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Non-major lenders: market share

bridging the gap bridging the gap
James Mitchell 8 minute read

Australia’s non-major lenders are benefiting from the changing nature of the Australian mortgage market. With regulatory pressures forcing banks to tweak the pricing and policy of their home loans, borrowers are increasingly turning to brokers for guidance and access to a full panel of lenders

The non-majors stand to see an increase in market share as ongoing changes continue to push borrowers towards the third-party channel.

Gerald Foley, managing director of nMB, says more and more brokers are being approached by new clients and referrers.

“These are people who have previously dealt directly with their bank and who are now being advised by their lending manager or private banker they are unable to assist them as they have in the past,” he says.


“In a way, the recent tightening by lenders of their investment lending policies will result in a wave of borrowers dealing with brokers for the first time.”

Investors who have previously not felt the need to deal with a broker are now realising the benefits of having access to a wider range of lenders and products in changing market conditions, Mr Foley said.

“Once they start to use a broker, there is no reason for these new clients to move away when the investor market settles down, as it no doubt will,” he said.

As brokers gain new customers, Australia’s smaller lenders will see a greater flow of this business as the big four turn away from certain niche segments such as investor and interest-only lending.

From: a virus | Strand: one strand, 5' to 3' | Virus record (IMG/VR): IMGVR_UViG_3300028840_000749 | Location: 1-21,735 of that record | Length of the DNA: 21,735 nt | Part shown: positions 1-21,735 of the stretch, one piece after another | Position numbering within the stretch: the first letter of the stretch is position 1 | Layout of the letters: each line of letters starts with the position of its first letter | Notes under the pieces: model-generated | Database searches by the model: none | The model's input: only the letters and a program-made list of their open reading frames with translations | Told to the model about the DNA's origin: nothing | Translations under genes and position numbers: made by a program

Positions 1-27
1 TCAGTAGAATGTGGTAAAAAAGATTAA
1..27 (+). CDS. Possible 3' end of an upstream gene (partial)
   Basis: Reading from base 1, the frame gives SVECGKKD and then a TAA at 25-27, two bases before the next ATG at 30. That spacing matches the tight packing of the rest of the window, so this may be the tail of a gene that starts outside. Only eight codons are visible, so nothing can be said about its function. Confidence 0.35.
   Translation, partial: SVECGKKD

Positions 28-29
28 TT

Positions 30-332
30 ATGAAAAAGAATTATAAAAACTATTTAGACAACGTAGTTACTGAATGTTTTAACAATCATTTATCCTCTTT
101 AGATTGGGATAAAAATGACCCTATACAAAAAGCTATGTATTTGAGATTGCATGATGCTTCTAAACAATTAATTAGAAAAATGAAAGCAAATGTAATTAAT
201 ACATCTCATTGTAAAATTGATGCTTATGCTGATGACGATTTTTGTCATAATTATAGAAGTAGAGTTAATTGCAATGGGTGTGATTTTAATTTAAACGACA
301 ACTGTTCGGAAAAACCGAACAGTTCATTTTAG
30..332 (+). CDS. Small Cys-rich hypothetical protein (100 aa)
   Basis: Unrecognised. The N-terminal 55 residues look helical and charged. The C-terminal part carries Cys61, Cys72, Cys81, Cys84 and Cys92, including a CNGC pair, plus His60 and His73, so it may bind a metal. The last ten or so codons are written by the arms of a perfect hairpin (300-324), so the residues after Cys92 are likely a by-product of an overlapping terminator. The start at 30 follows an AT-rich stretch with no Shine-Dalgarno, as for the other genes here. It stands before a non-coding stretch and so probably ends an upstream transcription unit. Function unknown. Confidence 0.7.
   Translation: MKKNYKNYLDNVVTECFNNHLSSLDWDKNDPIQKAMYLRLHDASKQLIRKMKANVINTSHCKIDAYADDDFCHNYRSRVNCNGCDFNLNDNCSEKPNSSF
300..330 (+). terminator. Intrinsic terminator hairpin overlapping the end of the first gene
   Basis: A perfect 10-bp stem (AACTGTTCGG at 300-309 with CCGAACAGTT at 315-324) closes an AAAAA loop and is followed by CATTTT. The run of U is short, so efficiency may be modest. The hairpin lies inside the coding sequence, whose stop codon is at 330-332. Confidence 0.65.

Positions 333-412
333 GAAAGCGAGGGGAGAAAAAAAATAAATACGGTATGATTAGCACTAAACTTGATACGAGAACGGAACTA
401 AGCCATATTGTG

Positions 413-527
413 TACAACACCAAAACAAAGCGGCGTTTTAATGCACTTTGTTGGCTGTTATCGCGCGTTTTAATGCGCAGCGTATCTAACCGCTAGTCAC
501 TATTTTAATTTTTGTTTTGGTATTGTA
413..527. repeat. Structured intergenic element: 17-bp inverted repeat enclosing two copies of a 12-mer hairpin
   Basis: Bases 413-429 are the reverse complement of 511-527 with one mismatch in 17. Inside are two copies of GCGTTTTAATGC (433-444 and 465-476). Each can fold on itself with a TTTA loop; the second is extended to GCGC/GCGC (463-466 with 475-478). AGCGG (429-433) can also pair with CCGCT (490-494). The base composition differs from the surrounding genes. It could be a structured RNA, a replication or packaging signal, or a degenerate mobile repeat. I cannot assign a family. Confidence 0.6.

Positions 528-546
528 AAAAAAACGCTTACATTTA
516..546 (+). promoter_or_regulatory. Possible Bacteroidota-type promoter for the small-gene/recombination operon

AFG’s general manager of sales and operations, Mark Hewitt, says the non-majors have maintained their overall share of broker-originated loans over the past 12 months. However, a two-tiered mortgage market is creating niches for the non-majors to win more business.


“Over the last quarter, we have seen the majors win back share in the owner-occupier space, however the non-majors are filling some investment lending niches that the majors have moved away from,” Mr Hewitt says.

Breaking it down

The AFG Mortgage Index for the September quarter noted that the pricing and policy changes made by the big four saw the non-majors regain two per cent market share in the investor space, a further indication that borrowers are seeking a broker’s help.

Other findings from the index are that the non-majors currently have a 26 per cent share of all AFG broker-originated home loans, and an impressive 45.3 per cent share of all broker-originated fixed-rate home loans.

“Offering attractive fixed rates can be a way of locking in and growing market share, and I think we have started to see non-majors focus on this area more over the last couple of years,” Mr Hewitt says.

Macquarie Bank, ING Direct, BOQ and Suncorp have consistently been the best performing non-majors over the last 12 months.


BOQ saw a significant increase in its broker market share from 2.4 per cent in July to 3.6 per cent in August, according to the AFG Competition Index.